A long-serving primary school principal who never intended to enter politics says she changed her mind after an ex-student committed suicide.
Labour candidate Jan Tinetti, the principal of Merivale School in Tauranga, said the 20-year-old man had just been fired from a factory job.
"He was employed under the 90-day [trial] bill and lost that job on about day 88 or 89. He thought he'd brought shame on his whanau.
"That was the point that it hit me and I thought education is massively important, but it's not the whole story. And we need to be advocating for people into better lives. That's when I decided to stand."
Tinetti is one of Labour's promising new recruits, and will appear in a showcase of new women candidates at the party's election-year Congress this weekend.
She will be up against Cabinet Minister Simon Bridges in Tauranga, who won in 2014 with a majority of nearly 15,000 votes. But ranked at 14 on Labour's list, she is all but certain to get into Parliament.
Tinetti is Labour through-and-through. She was born in mining country on the West Coast, and later became a primary school teacher and unionist. She admits to "wavering" in her political loyalty once in the 1980s, when she voted for Alliance in protest at Labour's Rogernomics reforms.
She has been a principal for 20 years, firstly in Southland and for the last 11 years at Merivale. It is Tauranga's only Decile 1 school and its small roll of 150 students is predominantly Maori. Many of the students have been expelled from other schools.
"It's a special place because we offer them an environment which they're able to succeed in," Tinetti said. "And that doesn't always mean academic success, it might just be coming to school every day."
The school had been affected by major reforms of the education sector, she said. It followed the Maori curriculum and had a "flexible" approach to teaching because of its high-needs students.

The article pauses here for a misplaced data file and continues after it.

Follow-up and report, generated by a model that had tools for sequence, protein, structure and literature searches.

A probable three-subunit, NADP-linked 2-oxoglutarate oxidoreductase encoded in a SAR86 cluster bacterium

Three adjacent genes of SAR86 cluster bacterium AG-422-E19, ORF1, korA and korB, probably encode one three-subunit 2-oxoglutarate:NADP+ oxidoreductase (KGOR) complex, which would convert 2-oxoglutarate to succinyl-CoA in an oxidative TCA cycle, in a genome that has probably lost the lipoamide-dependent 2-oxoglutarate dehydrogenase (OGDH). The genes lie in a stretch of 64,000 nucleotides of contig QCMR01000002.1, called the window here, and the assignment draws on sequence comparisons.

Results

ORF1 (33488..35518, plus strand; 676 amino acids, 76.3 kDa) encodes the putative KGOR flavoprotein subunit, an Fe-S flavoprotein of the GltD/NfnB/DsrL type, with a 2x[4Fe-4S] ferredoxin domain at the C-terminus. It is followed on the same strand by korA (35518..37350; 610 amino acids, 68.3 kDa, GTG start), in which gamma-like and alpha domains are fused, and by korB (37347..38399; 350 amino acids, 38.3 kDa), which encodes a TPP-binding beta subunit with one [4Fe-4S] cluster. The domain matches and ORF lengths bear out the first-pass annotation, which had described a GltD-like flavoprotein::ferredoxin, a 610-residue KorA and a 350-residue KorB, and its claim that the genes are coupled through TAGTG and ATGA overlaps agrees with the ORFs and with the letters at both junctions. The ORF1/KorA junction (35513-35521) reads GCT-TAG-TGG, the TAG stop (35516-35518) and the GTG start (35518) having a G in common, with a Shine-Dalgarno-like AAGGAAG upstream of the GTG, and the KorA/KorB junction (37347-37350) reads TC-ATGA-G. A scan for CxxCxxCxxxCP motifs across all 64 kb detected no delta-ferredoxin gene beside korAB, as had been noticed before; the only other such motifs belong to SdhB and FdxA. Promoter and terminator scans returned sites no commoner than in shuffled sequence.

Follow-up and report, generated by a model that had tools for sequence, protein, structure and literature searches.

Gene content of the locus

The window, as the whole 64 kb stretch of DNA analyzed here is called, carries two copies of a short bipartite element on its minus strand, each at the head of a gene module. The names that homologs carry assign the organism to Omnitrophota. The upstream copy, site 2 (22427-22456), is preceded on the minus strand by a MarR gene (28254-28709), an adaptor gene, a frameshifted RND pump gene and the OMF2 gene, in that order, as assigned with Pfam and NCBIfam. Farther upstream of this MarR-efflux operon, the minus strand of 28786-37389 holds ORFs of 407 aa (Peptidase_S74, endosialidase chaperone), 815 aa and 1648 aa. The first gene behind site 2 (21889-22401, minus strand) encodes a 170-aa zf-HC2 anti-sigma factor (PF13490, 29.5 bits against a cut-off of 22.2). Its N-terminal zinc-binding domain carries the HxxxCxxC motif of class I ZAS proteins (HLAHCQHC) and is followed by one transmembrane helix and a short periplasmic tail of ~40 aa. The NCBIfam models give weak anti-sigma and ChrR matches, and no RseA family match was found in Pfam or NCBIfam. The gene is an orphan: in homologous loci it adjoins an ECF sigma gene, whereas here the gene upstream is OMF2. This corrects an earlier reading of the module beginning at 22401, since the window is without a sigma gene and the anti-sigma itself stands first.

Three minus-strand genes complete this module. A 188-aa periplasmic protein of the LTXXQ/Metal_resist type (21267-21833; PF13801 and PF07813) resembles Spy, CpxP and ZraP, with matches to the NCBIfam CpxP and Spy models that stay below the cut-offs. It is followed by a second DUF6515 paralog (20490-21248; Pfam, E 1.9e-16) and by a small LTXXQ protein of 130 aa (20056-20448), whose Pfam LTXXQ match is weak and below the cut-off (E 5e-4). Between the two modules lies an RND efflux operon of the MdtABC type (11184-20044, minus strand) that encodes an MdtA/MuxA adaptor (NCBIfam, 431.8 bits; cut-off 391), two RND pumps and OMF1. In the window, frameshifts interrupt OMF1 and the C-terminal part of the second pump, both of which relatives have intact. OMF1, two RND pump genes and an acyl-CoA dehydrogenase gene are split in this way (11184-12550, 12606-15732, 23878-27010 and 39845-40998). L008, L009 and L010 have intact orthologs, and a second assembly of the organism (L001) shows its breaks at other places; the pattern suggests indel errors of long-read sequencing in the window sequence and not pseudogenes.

The reporting requirements demanded by National Standards had "narrowed what we are able to do", she said.
Her school had also been affected by underfunding, she said. The number of teacher aides, who worked with special needs students, had fallen from 10 to four.
"I'm constantly having to make cutbacks, to the point that I just struggle on what exactly I can cut back on.
"The biggest detriment to our children is that we're unable to employ the personnel any longer."
She said she had tried to remain apolitical in her principal role. But she found it increasingly difficult when poorer households in Tauranga began struggling to get into housing. During winter, up to 10 per cent of her students were homeless.
"I was starting to see things becoming more desperate for families," she said.
After speaking out about it, she was approached by Labour to run for Parliament.
Tinetti is part of a relatively strong lineup of women candidates for Labour this year.
Maungakiekie candidate Priyanca Radhakrishnan, who previously worked at Shakti, a women's refuge for immigrants, is ranked at 11 and is also set to become an MP.
Northland-based Willow-Jean Prime is ranked at 16 and is the party's highest-placed Maori candidate.
East Coast candidate Kiri Allan, Hutt South candidate Ginny Andersen, and Rangitata candidate Jo Luxton have also been given winnable places on the list.
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